India, pending such notification of the Rules, it was entitled to invite 

applications for the post of Principal in terms of the said Rules by treating 

them as draft rules under consideration. (ii) The Tribunal and the High Court 

could not substitute the eligibility requirements prescribed by the appellant. 

(iii) The Tribunal and the High Court could not have ignored the notification 

dated 13.1.1992 adopting the corresponding Punjab Rules to govern the 

service of its employees wherever there were no rules of the Chandigarh 

Administration. (iv) The 1976 Punjab Rules were applicable, and in terms of 

it, the advertisement for filling one post of Principal by direct recruitment by 

prescribing the eligibility requirement of Ph.D was valid. The appellant also 

pointed out that another bench of the Tribunal by order dated 3.8.1995 in 

OA No.844-CH of 1994 has clearly held that the 1976 Punjab Rules would 

apply to recruitment/employment, having regard to the notification dated 

13.1.1992 of the Chandigarh Administration adopting the Punjab Rules; and 

as there was a clear divergence between the two decisions of the Tribunal, 

the High Court could not have mechanically affirmed the decision of the 

Tribunal that the 1996 Punjab Rules were inapplicable.

 9

10. The first question for our consideration is whether the appellant could 

have prescribed in the advertisement, the educational qualifications for the 

post of Principal in terms of its 2000 Recruitment rules. The Administrator 

of the Chandigarh Administration made the Chandigarh Educational Service 

(Group A) Gazetted Government Arts & Science College Rules, 2000 vide 

notification dated 29.3.2000 and published it in the Gazette dated 1.4.2000. 

The said Rules were made in consultation with the UPSC, taking note of the 

UGC guidelines prescribing Ph.D. degree as an eligibility criteria for the 

post of Principals to be filled by direct recruitment. The Rules were sent to 

the Central Government for being notified in the name of the President of 

India and were pending consideration. It is in these circumstances the 

appellant advertised the post in terms of the said Rules, by prescribing the 

educational qualification of Ph.D. for direct recruitment to the post of 

Principal. In Abraham Jacob vs. Union of India [1998 (4) SCC 65], this 

Court held that where draft rules have been made, an administrative decision 

taken to make promotions in accordance with the draft rules which were to 

be finalized later on, was valid. In Vimal Kumari vs. State of Haryana [1998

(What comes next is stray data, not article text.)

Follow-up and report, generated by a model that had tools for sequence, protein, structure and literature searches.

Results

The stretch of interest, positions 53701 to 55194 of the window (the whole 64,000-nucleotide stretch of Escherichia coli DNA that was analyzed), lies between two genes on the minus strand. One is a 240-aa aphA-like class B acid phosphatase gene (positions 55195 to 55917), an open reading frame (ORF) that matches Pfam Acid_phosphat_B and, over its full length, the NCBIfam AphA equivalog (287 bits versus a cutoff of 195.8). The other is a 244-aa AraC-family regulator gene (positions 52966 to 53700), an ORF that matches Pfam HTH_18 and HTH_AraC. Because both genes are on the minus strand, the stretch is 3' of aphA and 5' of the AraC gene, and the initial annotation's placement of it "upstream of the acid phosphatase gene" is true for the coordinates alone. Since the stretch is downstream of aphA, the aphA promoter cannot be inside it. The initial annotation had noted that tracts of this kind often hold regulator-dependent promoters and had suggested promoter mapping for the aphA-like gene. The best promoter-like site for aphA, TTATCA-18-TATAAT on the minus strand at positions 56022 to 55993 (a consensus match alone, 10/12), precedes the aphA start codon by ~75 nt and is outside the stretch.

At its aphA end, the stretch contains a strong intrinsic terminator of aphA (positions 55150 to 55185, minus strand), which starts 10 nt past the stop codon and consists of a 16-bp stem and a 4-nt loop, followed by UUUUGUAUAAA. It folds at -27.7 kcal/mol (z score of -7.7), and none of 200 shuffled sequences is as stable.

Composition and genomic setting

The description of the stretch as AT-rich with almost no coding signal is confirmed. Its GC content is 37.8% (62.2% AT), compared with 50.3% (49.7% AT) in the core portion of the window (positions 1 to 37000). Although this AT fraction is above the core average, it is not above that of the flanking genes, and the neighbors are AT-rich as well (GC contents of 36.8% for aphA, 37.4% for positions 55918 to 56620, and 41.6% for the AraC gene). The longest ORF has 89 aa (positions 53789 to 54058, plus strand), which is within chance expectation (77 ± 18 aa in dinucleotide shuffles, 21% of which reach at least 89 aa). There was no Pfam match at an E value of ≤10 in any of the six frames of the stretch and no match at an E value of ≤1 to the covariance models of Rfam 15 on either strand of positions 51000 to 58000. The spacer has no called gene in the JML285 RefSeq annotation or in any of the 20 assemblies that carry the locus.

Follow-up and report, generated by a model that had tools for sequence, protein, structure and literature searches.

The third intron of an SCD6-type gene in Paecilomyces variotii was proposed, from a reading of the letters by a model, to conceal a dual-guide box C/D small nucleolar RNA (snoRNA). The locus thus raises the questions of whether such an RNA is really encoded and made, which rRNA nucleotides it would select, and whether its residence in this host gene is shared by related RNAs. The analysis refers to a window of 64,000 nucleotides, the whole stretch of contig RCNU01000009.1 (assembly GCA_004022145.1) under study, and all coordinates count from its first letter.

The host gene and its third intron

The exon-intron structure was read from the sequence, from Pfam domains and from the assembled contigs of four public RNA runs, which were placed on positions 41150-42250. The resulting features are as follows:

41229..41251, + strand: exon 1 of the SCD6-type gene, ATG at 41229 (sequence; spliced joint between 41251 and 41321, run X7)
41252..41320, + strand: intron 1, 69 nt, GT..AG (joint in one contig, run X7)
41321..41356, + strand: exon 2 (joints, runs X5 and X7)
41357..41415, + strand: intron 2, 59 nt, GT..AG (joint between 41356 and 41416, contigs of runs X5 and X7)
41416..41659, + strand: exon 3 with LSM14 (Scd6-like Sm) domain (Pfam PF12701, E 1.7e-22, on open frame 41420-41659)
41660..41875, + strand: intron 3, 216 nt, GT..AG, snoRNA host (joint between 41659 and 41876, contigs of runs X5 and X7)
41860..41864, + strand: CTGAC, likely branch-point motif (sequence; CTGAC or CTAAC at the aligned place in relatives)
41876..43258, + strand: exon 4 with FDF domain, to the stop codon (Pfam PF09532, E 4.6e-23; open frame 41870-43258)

(4) SCC 114], this Court held that it is open to the Government to regulate 

the service conditions of the employees for whom the rules were made, even 

if they were in their draft stage, provided there is a clear intention on the part 

 10

of the Government to enforce those rules in the near future. In this case, the 

High Court however rejected the advertisement on the ground that the 

regular rules were not notified by the President of India even after five years, 

when the High Court decided the matter. But what is relevant to test the 

validity of the advertisement, was the intention of the appellant when the 

advertisement was issued. At that time, the appellant had the clear intention 

to enforce the Recruitment Rules in future as they had been made in 

consultation with UPSC, in accordance with the UGC guidelines and the 

Rules had been sent to the Central Government for being notified by the 

President and the matter was pending consideration for a few months when 

the advertisement was issued. The appellant at that time had no inkling that 

there would be inordinate delay or the Rules may not be notified by the 

President. Therefore, the advertisement in terms of the 2000 Recruitment 

rules was valid. 

11. Even in the absence of valid rules, it cannot be said that the 

advertisement was invalid. In exercise of its executive power, the appellant 

could issue administrative instructions from time to time in regard to all 

matters which were not governed by any statute or rules made under the 

Constitution or a statute. In fact it is the case of the respondents that the 

 11

appellant had issued such instructions on 20.8.1987 directing that the 

lecturers from UT cadre should be promoted as principals. In fact, the 

administrator of appellant had issued a notification on 13.1.1992 adopting 

the corresponding Punjab Rules to govern the service conditions of its 

employees. If so, the administrator of appellant could issue fresh directions 

in regard to qualifications for recruitment. The Recruitment Rules made by 

the Administrator were duly notified. Though they were not rules under 

Article 309, they were nevertheless valid as administrative instructions